Press Release

Chicago Nurses Host Town Hall on Safe Staffing Bill

Proposal Would Improve Patient Care Protections

Chicago nurses will hold a town hall meeting Monday night to call public attention to a state legislation that would dramatically improve patient safety in Illinois hospitals by setting limits on the number of patients per nurse, along with other patient protections. In addition to nurses, patients, community allies and legislators will be present.

The Hospital Patient Protection Act, House Amendment 1 to House Bill 282, is sponsored by Rep. Mary Flowers of Chicago. It is modeled after a highly successful California law that has saved thousands of patient lives as well as keeping experienced nurses at the hospital bedside. Rep. Flowers will be present at the town hall meeting.

Both the bill and the hearing are sponsored by National Nurses United, the nation’s largest organization of nurses which represents thousands of Chicago area RNs.

What:           Staffing Ratio Town Hall!
When:           Monday, May 6, 7 p.m. to 9 p.m.
Where:         Hektoen Building, 627 South Wood Street, Chicago

The bill would establish mandatory limits on the number of patients each RN can care for, also known as nurse-to-patient ratios, specific by hospital unit, for all Illinois hospitals. It is similar to limits or ratios for class sizes, day care centers, airline travel personnel, and minimum standards for clean air and water.

“Illinois nurses have seen a dangerous erosion of care standards in hospitals across the state as too many hospitals put their bottom line ahead of patient safety,” said Brigitt Manson, an RN at University of Chicago's Comer Children's Hospital. “Like nurses across the country, we know there is a proven, effective remedy that will protect our patients, safe nurse to patient staffing ratios. It is time for our legislators to act.”

Additionally the bill would create whistleblower protection for RNs and other healthcare workers who expose unsafe conditions.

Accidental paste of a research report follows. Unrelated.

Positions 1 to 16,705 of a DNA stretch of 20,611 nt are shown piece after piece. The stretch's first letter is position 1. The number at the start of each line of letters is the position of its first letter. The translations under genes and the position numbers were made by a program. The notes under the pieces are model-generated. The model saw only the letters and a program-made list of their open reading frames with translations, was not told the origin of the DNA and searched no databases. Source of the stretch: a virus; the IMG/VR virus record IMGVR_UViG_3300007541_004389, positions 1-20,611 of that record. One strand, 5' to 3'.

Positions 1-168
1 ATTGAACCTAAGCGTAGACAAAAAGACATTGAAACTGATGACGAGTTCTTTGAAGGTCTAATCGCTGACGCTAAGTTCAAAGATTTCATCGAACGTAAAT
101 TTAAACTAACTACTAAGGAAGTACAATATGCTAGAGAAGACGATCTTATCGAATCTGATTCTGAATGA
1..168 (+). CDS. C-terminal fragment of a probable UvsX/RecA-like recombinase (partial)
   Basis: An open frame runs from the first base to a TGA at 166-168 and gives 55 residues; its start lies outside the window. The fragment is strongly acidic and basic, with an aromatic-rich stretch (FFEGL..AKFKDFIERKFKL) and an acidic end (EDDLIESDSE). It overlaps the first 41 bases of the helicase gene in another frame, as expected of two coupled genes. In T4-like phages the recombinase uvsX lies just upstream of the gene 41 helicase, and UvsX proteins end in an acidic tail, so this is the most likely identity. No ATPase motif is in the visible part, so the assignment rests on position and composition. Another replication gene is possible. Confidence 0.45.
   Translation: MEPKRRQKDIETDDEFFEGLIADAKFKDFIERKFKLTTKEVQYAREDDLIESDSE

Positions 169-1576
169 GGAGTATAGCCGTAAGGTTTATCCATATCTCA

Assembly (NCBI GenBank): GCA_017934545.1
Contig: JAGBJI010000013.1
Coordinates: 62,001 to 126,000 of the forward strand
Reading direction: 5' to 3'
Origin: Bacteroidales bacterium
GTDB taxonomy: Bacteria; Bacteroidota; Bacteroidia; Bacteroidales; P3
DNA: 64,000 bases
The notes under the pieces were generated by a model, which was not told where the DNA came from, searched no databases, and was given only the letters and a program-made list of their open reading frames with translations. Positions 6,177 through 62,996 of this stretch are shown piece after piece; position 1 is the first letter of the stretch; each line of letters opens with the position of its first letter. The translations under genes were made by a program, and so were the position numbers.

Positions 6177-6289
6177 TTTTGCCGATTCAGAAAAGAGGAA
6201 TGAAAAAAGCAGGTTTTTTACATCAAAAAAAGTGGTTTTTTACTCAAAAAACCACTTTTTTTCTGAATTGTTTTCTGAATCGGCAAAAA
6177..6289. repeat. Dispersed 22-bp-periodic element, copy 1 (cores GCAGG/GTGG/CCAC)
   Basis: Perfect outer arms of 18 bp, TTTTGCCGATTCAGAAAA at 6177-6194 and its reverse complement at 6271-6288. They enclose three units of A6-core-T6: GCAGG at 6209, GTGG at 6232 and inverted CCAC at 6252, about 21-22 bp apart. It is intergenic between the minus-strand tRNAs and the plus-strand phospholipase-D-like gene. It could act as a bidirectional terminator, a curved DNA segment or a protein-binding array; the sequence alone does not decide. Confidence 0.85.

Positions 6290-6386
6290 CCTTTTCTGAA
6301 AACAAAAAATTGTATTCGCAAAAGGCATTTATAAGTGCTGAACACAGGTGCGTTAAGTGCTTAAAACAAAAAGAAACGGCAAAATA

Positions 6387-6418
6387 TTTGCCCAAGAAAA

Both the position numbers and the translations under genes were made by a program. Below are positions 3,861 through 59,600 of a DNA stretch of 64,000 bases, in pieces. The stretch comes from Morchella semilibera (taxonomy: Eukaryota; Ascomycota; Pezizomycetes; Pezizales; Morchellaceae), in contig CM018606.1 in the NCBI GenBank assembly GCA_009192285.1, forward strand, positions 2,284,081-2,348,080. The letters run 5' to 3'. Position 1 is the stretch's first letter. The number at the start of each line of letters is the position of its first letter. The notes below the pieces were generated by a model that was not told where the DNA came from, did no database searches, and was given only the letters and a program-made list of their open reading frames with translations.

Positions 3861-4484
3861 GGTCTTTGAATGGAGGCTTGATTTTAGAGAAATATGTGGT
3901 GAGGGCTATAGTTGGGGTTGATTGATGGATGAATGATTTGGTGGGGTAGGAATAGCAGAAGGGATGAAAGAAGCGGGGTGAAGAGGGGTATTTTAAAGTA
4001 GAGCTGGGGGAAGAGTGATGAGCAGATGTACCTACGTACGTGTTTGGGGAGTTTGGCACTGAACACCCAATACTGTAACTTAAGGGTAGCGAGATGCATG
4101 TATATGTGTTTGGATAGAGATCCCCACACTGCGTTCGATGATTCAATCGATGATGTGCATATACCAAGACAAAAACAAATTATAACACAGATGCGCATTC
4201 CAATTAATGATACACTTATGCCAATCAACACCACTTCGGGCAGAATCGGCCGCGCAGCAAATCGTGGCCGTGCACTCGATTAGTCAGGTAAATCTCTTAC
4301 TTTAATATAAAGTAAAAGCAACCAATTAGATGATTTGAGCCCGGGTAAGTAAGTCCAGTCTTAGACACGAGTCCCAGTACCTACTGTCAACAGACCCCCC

Similar legislative efforts are underway in other states and cities – a RN ratio bill was introduced in the District of Columbia City Council earlier this year with the support of 10 of 13 council members – as well as national bills. In Congress, a Senate bill, S 739, was reintroduced last month. A companion House bill is expected to be re-introduced by Chicago Congress member Jan Schakowsky soon.

The effect of the California law has been documented in a number of studies, including a prominent 2010 University of Pennsylvania study comparing California hospitals to New Jersey and Pennsylvania hospitals. I

The Pennsylvania study found that  New Jersey hospitals would have 14 percent fewer patient deaths and Pennsylvania 11 percent fewer deaths if they matched California’s 1:5 ratios in surgical units, and fewer California RNs miss changes in patient conditions because of their workload, and nurses have more confidence that patients can manage on their own after discharge.

Most recently, a September 2012 report by the Agency for Health Care Research and Quality of the U.S. Department of Health and Human Services, titled “State Mandated Nurse Staffing Levels Alleviate Workloads, Leading to Lower Patient Mortality and Higher Nurse Satisfaction,” emphasized the correlation between higher nurse workloads that are associated with more patient deaths, complications, and medical errors.